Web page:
Enjoy the heat this summer. Cold weather brings more than a chill to your bones, a new study suggests. It could also raise your risk of having a heart attack.
The results show that each 1.8 degree Fahrenheit reduction in temperature on a single day is associated with around 200 additional heart attacks.
The results are published online today in the British Medical Journal.
In the light of global climate change, the relations between weather and health are of increasing interest. Previous studies have shown that outdoor temperature is linked to mortality risk in the short term, with both hot and cold days having an effect, but the effect of temperature on the risk of heart attacks (called myocardial infarctions) is unclear.
Researchers from the United Kingdom analyzed data on 84,010 hospital admissions for heart attacks recorded in 2003-2006. They also looked at the daily temperatures from the British Atmospheric Data Center, focusing on 15 geographical areas in England and Wales.
The results were adjusted to take into account factors that might influence the heart attack rate, including air pollution and influenza activity.
The researchers found that a 1 degree-Celsius reduction in average daily temperature was associated with a cumulative 2 percent increase in risk of heart attack over a 28-day period. The highest risk was within two weeks of exposure to cold weather.
The heightened risk may seem small, but the U.K. has an estimated 146,000 heart attacks a year and 11,600 events in a 29-day period. So even a small increase in risk translates to a few hundred extra heart attacks on a single day.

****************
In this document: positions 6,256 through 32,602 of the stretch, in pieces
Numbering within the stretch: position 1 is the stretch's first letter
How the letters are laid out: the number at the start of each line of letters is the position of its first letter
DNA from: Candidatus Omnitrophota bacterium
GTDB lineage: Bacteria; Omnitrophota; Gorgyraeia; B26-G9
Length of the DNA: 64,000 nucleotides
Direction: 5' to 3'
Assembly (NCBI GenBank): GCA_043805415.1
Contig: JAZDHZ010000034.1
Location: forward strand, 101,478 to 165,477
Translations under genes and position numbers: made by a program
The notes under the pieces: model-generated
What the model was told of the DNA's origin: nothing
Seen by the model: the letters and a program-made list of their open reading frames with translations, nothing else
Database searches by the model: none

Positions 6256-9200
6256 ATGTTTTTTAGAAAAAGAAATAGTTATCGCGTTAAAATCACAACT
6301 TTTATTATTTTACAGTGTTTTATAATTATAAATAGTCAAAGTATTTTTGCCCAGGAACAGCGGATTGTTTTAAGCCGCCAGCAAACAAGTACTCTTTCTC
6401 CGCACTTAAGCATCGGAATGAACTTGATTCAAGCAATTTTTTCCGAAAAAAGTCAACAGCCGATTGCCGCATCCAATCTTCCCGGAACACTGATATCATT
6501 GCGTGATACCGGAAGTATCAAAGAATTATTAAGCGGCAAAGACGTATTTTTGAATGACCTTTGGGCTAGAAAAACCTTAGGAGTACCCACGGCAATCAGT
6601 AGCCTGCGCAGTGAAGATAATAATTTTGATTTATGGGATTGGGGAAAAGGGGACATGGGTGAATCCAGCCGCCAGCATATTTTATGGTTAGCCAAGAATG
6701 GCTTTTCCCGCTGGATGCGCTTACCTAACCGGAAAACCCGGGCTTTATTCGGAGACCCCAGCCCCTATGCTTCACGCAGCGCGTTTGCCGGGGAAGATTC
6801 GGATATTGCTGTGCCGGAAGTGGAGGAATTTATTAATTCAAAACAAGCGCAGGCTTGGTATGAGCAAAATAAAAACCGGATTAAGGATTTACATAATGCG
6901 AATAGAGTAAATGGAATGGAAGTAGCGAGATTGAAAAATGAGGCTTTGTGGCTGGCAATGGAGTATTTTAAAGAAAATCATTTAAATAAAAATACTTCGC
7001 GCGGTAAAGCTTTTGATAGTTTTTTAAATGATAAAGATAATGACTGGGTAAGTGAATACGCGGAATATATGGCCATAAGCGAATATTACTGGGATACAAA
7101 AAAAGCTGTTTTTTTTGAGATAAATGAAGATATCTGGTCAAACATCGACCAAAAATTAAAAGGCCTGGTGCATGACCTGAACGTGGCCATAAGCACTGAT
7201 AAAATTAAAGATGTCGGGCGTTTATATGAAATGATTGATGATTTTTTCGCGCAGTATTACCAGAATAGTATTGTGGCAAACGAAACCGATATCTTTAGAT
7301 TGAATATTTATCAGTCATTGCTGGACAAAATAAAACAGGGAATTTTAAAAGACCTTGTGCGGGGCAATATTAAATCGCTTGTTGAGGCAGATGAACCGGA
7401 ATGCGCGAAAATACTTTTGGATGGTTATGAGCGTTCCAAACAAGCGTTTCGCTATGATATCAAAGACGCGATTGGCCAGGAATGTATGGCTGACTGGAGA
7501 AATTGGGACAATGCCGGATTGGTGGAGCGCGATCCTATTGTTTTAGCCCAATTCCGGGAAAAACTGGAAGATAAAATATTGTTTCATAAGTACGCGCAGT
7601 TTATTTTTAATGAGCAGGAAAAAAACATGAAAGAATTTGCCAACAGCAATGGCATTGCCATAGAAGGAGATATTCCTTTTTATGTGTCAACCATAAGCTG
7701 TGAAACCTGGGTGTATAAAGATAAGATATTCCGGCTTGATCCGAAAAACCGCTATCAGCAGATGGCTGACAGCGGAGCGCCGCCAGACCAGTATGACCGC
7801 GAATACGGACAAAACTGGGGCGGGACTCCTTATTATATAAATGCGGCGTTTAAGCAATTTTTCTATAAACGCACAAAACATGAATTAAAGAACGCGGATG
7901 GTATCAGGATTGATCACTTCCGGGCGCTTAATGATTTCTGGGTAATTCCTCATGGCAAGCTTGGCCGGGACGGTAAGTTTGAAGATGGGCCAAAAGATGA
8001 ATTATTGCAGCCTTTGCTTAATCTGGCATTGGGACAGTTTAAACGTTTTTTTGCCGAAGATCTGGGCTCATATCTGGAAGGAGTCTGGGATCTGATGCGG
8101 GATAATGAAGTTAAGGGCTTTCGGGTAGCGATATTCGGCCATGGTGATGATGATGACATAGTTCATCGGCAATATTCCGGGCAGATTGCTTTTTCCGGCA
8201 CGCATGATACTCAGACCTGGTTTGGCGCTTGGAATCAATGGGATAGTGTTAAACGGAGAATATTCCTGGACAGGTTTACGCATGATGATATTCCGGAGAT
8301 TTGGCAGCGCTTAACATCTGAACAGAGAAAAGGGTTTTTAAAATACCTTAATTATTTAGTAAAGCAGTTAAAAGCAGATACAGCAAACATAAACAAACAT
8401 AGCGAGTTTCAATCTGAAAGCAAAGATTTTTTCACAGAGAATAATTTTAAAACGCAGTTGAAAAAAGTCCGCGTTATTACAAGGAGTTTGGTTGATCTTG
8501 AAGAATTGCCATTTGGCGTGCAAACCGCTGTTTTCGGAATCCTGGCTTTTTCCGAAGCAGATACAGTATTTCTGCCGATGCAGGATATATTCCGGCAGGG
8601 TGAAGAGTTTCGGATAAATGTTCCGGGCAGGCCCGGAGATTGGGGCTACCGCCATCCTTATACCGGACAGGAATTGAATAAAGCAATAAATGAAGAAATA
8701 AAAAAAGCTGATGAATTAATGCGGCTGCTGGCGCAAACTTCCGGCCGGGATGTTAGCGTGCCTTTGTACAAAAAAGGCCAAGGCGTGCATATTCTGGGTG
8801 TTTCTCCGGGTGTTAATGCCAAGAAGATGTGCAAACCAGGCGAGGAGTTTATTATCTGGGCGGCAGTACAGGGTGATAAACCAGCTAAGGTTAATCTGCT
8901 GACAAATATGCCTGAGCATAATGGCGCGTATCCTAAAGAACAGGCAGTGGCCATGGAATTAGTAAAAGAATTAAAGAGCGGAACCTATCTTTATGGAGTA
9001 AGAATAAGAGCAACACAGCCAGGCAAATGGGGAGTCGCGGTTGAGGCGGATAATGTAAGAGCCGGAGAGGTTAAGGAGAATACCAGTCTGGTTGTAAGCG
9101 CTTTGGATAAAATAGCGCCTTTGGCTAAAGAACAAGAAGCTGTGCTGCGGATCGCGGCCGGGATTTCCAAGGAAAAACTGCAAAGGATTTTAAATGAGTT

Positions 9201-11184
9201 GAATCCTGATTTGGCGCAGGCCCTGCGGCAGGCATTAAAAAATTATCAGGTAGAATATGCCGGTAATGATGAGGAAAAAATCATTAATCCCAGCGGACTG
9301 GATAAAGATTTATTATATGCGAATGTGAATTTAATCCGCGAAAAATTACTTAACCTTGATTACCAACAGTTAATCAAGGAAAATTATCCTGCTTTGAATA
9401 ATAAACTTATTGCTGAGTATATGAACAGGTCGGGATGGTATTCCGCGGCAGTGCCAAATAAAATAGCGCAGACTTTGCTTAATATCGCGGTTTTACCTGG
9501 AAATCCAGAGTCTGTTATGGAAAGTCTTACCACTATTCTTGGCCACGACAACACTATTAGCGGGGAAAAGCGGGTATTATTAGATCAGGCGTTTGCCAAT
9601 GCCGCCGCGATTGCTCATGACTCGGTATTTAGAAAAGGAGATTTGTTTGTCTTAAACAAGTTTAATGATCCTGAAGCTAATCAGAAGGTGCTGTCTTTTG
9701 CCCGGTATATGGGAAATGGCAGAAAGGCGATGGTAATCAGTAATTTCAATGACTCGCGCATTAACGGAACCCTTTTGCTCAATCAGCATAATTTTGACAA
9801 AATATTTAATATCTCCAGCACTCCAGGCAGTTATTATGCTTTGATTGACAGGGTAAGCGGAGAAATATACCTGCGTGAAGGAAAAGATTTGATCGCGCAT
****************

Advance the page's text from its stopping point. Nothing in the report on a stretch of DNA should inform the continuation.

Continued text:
Older people between the ages of 75 and 84 and those with previous coronary heart disease seemed to be more vulnerable to the effects of temperature reductions.
There was no link between higher temperatures and increased risk of heart attack, but this might be because temperatures in the U.K. are rarely very high compared with other regions in the world.
The researchers aren't sure exactly what's behind the link, but evidence from laboratory studies on cold exposure suggests clues. Cold temperatures are known to raise blood pressure and also increase levels of certain proteins that could increase the risk for blood clots.
Certain activities more commonly performed during cold weather, such as snow shoveling, might also contribute to the risk, the researchers say.
Studies performed in different parts of the world will be needed to determine how dependent this link is on the local climate, the researchers say. Future investigations could also shed light on which groups are most vulnerable to heart attacks linked with the cold as well as ways to prevent the risk, such as advising patients, particularly the elderly, to wear suitable clothing and to heat their homes sufficiently.